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Keep young swimmers under tight supervision

June 20, 2006

Now that school is out and temperatures are beginning to rise, it's a sure bet that children will seek refuge from the heat in a swimming pool, if one is handy. A bit of planning by parents now should greatly reduce the chances of tragedy later.

According to the U.S. Consumer Product Safety Commission, about 300 children under age 5 drown each year in a swimming pool - and usually one that's owned by their own family.

In most cases, according to the CPSC, the children were being supervised by one or more parent, but managed to elude mom and dad for just a few minutes.

That's all the time it takes. CPSC officials say that 75 percent of the children who died had been out of parents' view for five minutes or less.

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The best way to keep a youngster from drowning in a pool is to keep the child in sight when he or she is in the pool area and to provide a fence or a cover to prevent accidents when no adult is on the scene.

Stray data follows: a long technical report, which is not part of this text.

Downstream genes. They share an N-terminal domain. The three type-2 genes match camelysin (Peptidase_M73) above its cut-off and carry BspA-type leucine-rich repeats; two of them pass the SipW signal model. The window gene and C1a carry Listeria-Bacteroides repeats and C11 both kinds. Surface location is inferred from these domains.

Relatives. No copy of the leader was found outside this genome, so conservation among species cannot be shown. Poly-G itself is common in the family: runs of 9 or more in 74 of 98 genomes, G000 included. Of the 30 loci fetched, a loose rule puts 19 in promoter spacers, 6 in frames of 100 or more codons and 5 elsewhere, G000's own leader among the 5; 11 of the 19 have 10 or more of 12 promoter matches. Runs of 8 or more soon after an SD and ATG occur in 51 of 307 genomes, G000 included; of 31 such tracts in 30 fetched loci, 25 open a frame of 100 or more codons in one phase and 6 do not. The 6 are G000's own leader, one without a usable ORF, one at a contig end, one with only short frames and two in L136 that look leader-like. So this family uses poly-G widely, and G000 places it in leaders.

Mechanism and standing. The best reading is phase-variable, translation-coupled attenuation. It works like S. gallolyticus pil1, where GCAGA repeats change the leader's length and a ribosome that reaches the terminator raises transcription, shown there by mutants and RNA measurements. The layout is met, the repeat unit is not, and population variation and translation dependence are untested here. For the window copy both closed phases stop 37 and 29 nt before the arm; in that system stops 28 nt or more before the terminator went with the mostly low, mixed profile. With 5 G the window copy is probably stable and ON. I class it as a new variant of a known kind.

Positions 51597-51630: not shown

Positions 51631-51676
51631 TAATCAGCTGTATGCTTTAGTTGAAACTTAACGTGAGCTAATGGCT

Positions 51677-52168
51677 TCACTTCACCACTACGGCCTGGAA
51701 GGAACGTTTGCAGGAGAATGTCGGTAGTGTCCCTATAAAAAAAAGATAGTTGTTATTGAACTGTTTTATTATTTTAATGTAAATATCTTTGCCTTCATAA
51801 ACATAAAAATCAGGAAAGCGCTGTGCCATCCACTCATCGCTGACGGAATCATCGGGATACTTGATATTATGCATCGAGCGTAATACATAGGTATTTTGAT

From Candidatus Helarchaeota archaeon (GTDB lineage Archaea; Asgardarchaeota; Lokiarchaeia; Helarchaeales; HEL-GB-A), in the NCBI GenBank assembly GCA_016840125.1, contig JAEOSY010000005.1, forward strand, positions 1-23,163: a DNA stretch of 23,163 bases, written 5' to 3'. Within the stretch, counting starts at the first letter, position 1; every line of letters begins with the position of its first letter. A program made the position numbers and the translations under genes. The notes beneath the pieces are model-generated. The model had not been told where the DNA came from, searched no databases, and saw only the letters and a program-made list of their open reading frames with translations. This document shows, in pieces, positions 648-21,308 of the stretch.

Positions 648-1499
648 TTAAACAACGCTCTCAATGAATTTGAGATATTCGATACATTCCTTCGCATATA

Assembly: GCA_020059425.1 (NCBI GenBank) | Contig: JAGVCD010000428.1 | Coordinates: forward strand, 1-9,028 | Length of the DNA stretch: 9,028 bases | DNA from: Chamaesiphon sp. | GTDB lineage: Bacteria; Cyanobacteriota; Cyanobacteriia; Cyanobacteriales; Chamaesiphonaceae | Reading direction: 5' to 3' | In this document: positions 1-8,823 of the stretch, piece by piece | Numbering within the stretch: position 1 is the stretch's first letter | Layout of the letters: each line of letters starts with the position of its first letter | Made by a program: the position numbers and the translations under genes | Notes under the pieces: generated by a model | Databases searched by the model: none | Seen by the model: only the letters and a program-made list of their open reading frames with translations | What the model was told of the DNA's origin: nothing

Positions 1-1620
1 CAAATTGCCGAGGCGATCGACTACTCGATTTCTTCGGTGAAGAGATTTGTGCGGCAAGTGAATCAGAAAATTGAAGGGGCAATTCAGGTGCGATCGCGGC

CPSC officials also suggest that parents of care-givers learn CPR (cardiopulmonary resuscitation) so that in the event of an accident, the child's breathing can be started and brain damage avoided.

In Florida, which The Orlando Sentinel last week reported continues to lead the nation in accidental drownings for children under 5, state officials have launched a program called "Keep Your Eyes on the Kids."

According to a description of the program in the June 16 edition of The Orlando Sentinel, when a group of adults are near a pool where children are playing, one adult should be designated to watch the children.

If there is only one adult on the scene and there is a distraction - a phone call or someone at the door - children should be told to leave the pool area until the adult can again focus his or her attention on what children are doing.

Swimming is good exercise and a great way for children to burn off some of that youthful energy. But a swimming pool is not a playpen and parents who let themselves become distracted while children are splashing around may face a lifetime of regret as a result.

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